20090710 - Video of Particles via L-System and Stochastic Visibility


I talked about this a while back and never did post a video, and I had to post something cool before SigGraph 2009, so below are screen shots and a quick video of an old stochastic visibility with particle generation effect test. The OpenGL2 (NVidia Specific) GLSL demo was built a long time ago for a 8600 GTS, and runs way too fast on the GTX275 (even bottle-necked by triangle setup in point scatter). Unfortunately all I had time to do was add a very slow serial frame capture and write MJPEG, which when turned on slows the program down too much to make a good video (it is hard to think in slow motion). The conversion from MJPEG to MPEG4 isn't ideal either (it is a huge file) at 60fps 720p.

There are a lot of things I never bothered fixing in the demo, such as the boundary between black background and the fractal (you will see a blurry 16x16 block pattern outline late in the video), or the pops when a bad floating point number gets into the particle buffer. This only shows the result of the tree expansion limited to one level per frame (fill artifacts from edges of occluders). Also hole filling was broken. So it isn't really representative of what I'm planning on for Atom, but it was a huge milestone in learning GPGPU techniques!


Video

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Other Screen Shots

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What is it?

I'd qualify it as bad coder art used to test GPGPU tree data structures (everything is computed on the GPU, the CPU just sends in view position and view direction). The full fractal structure is huge, something like 2^24 pixels wide before precision problems sink in?

The scene tree is an 8-arry tree with one simple l-system rule for the 8 children based on the parent (position/scale/quaternion). It isn't limited to just one rule, I'm just lazy, can lookup any rule from a texture. The engine maintains the scene tree on the GPU (256K coarse nodes, 2M fine nodes). The projection is a 360 fisheye, and the particle effect runs in projected fisheye space based on motion vectors and parent tree position relative to child tree position. The visibility is computed in an octahedron space (different mapping from the view), so the edges of the fisheye projection loose quality fast. Color is instanced via a direct visualization of eye relative world position,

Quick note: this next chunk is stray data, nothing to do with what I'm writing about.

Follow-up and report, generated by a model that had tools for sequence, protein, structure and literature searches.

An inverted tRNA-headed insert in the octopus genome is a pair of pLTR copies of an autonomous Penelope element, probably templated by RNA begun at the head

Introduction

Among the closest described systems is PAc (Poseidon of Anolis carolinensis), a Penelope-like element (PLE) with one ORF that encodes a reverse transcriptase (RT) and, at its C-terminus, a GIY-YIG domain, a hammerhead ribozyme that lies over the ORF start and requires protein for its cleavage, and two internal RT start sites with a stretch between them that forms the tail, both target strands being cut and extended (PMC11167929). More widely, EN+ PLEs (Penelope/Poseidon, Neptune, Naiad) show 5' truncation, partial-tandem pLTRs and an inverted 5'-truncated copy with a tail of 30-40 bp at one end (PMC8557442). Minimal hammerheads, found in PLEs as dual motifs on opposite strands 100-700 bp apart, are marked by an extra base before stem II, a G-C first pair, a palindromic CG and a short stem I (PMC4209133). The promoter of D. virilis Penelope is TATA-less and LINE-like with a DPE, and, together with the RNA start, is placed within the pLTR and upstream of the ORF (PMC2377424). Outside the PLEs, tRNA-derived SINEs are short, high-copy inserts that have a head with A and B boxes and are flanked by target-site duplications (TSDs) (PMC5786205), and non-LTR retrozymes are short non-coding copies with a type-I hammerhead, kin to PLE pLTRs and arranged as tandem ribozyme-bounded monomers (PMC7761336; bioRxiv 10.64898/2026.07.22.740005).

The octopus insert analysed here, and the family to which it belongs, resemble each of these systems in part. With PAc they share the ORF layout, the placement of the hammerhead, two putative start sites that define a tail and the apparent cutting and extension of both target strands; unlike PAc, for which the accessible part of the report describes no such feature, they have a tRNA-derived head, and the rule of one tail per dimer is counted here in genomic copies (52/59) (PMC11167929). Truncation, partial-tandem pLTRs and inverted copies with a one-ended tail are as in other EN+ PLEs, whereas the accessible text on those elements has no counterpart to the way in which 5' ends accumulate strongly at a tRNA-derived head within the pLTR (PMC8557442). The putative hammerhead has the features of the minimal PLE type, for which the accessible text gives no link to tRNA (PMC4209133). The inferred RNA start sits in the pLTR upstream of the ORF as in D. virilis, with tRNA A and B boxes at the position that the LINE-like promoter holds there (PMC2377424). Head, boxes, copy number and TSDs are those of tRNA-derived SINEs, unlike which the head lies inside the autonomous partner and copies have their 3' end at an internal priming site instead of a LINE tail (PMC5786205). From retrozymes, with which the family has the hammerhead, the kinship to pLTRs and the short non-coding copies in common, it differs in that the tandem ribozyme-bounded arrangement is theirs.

vec3 rgb = vec3(0.0);
rgb += vec3(0.7,0.625,0.5) * vec3(pow(abs(sin(sqrt(abs(y/4096.0))*2.0)),16.0));
rgb += vec3(0.3,0.4,0.5) * vec3(pow(abs(sin(sqrt(abs(x/4096.0))*32.0)),4.0));
rgb += vec3(0.5,0.4,0.3) * vec3(pow(abs(sin(z/4096.0*256.0)),4.0));
return rgb * rgb;



Future

I'm still fascinated with the problem of solving visibility for fully dynamic geometry requiring very expensive ray traversals (if ray cast or traced), but without ray casting (or tracing) and instead using what I've termed as "stochastic visibility" and blogged about. Effectively keeping a consistent tree structure of the scene as required by visibility (and shading), then only expanding and contracting the tree structure enough each frame to service rendering to the quality level required for human frame to frame perception. Stochastic visibility collides a point per scene tree node in an view space mapping to both help compute tree updates and solve for visibility. It is stochastic because the points collided are randomly positioned inside the bounding volume of the node. Collisions help prune out nodes which yield non-visible geometry. Collisions also directly solve the tree node memory allocation problem (there is no memory allocation).

Vacation has provided some new ideas to improve upon my old non-CUDA/OpenCL "stochastic visibility" which I will be trying soon,

(1.) IMPROVED TEMPORAL CONSISTENCY VS HISTORY BUFFER. Collisions would sometimes prune out a part of the required scene tree branch, and keeping persistent nodes was way too costly to do in OpenGL3 with GPGPU methods on a 8600 level graphics card. One trivial solution to this problem would be to run a pass which checks the source data for collisions and does a reduction of the source nodes keeping the highest priority node which had a collision. If I had a set of reducing resolution history buffers, I could likely insure good temporal consistency (solving the random pruning problem).

(2.) ADD PARENT LINKS. My scene tree nodes didn't have links to the parents. Was a problem for animated l-systems and particle fluid dynamics, because I wanted a physical constraint which pulled nodes back to the static position in parent (as defined as a possibly animated l-system rule). Turns out that the history buffer pass enables me to correct parent links in child nodes, even though parents move to different memory locations each frame. If this works, this GPU data structure truly becomes awesome because it solves the 1M node memory allocation problem per frame with fully dynamic trees, automatic "defragmentation" of memory, automatic regrouping for good data/branch locality and cache performance, and now nodes maintaining parent links even though all memory locations change per frame.

(3.) MULTI-LEVEL TREE UPDATE PER FRAME. With LOD transparent blend-in and a triangle based scene, I've found in previous results that I can add/prune nodes at only a LOD level per frame and effectively service visibility if I have a conservative amount of overlap. However when the screen tree goes down to the pixel or near pixel/level, the tree must be able to expand by more than one level per frame to fill visibility gaps in dynamic geometry. I'm planning on a new method where I first re-project the current node set, then do a hierarchical image space reduction to choose the highest priority nodes for varying level multi-level tree update per frame.